CofG 56309

CofG 56309 - Portrait

This is a resin kit from Jim King at Smoky Mountain Model Works, built by Pierre Oliver. It’s an unusual model to find on a lightly-trafficked branch line in southern Ontario, but these cars did come to Canada. The reality is, S scale doesn’t have the variety of rolling stock available in O scale – and barely registers compared to the variety that’s on offer in HO. So when a manufacturer takes the trouble to create a resin kit, scale modellers in 1:64 tend to buy one just to support the effort and then we figure out what to do with it. Fortunately, I’m modelling August so I assume the American owners of a huge chunk of land on Long Point are having a summer beach party and have ordered a carload of melons from back home for the festivities. Rich people with summer houses in other countries can afford to do that type of thing…

CML 1952

CML 1952 - Portrait

This is a Pacific Rail Shops plastic kit that was custom-decorated for the NMRA as part of its Legends Of The Hobby line. As I’ve mentioned before, Bob Hegge and his Crooked Mountain Lines were a huge inspiration for me back in the 1970s and 1980s, and when I found one of these custom-decorated kits for sale I just had to grab it. I’m really glad I did. This car features an unusual brake-rigging system, with the main rod from the B-end running outside the truck instead of between the side frames. This allows the car to more easily negotiate traction-radius curves. I modelled this following photos and data from an HO scale Westerfield kit for a Pacific Electric boxcar. Other upgrades include a wood running board and plastic brake rods replaced with wire. I get a kick out of running this car every time…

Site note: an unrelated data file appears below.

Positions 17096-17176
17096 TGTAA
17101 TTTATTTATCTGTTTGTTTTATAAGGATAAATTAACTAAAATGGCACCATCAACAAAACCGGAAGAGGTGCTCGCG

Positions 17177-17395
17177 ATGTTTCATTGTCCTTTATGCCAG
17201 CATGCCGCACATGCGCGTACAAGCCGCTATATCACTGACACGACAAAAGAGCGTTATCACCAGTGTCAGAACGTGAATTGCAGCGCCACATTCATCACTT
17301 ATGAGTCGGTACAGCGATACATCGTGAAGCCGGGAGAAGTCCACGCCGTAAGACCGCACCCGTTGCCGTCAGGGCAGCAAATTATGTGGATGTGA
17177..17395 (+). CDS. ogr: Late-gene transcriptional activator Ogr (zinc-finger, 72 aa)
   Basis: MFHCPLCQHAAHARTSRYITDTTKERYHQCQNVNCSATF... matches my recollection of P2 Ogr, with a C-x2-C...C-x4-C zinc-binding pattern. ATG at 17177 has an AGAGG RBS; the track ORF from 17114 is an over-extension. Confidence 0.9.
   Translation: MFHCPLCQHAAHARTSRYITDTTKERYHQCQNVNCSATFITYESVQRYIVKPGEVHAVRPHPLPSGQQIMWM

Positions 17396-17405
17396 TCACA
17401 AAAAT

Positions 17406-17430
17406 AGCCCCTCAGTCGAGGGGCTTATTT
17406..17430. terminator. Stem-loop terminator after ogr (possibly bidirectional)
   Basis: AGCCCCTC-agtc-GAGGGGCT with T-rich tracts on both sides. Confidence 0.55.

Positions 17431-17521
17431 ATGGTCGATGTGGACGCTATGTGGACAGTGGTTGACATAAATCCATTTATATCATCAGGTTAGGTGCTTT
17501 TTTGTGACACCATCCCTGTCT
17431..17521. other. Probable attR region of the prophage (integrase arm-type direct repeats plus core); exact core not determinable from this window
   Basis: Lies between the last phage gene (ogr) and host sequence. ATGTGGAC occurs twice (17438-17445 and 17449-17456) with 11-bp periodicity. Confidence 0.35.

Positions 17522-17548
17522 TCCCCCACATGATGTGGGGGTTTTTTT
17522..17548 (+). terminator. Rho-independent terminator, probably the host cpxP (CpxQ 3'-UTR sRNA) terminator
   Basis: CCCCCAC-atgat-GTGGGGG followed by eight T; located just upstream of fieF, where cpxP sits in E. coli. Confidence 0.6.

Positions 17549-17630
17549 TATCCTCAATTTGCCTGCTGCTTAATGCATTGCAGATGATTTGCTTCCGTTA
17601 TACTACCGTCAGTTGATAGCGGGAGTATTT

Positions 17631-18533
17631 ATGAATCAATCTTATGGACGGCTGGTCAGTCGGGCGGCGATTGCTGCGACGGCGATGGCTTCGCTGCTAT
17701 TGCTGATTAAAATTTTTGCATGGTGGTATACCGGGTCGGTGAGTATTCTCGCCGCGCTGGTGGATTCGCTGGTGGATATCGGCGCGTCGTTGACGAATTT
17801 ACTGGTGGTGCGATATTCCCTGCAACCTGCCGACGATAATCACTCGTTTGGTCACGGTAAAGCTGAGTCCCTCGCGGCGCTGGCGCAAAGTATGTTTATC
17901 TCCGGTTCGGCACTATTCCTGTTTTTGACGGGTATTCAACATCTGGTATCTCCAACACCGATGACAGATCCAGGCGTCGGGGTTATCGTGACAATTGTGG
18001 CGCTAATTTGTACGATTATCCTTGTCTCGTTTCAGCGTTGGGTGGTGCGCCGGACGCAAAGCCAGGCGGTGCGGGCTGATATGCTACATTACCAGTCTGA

GATX 480

GATX 480 - Portrait

This is a WA Drake and Company brass import of an 8,000 gallon Type 103 double-dome tank car. It came factory-painted. I like the double domes. And I’m really pleased with the weathering job I did on it. As with all of my freight cars, I added flexible train line air hoses from BTS to this car: They look better than the cast hoses that come on most brass cars and because they’re flexible, they don’t break off.

Burro Model 40

Burro Model 40 Crane - Portrait

Dan Navarre at River Raisin Models imported 150 brass models of these popular MoW cranes in 1992. I found this model – unpainted – after posting a note to several newsgroups. I airbrushed the model with a warm black and weathered it with airbrush and powders. To do this, I had to unstring the rigging – making careful notes of the path of the cable so I could re-string it later. I added the operator to the cab. I also added DCC to this very small model, complete with an electronic flywheel to minimize stalling. (And in 2017, I enhanced the model with sound – a real ship-in-a-bottle experience!) Unfortunately, these models do not run well: The motor is mounted vertically and makes a terrific thrashing sound. However, I’m sure at some point someone will come up with a better gear train – probably me, if I want it to happen. Perhaps an under-floor power truck would work, or a drive train that only turns one axle instead of trying to do both. It’s not like the crane has to pull a train – just itself, and possibly a gondola of ballast. Regardless of its dubious running qualities, it’s a great looking model that is a joy to photograph on the railway, so I’m really glad I have it.

Eventually, I hope to document all of my S scale equipment in this fashion. We’ll see how that goes. Meantime, see the Portraits category to find all posts in this series. If you’ve read this far, thanks for sticking with it. I hope you enjoyed these equipment portraits and notes.

Division Street :: Spiked!

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(Progress ensues…)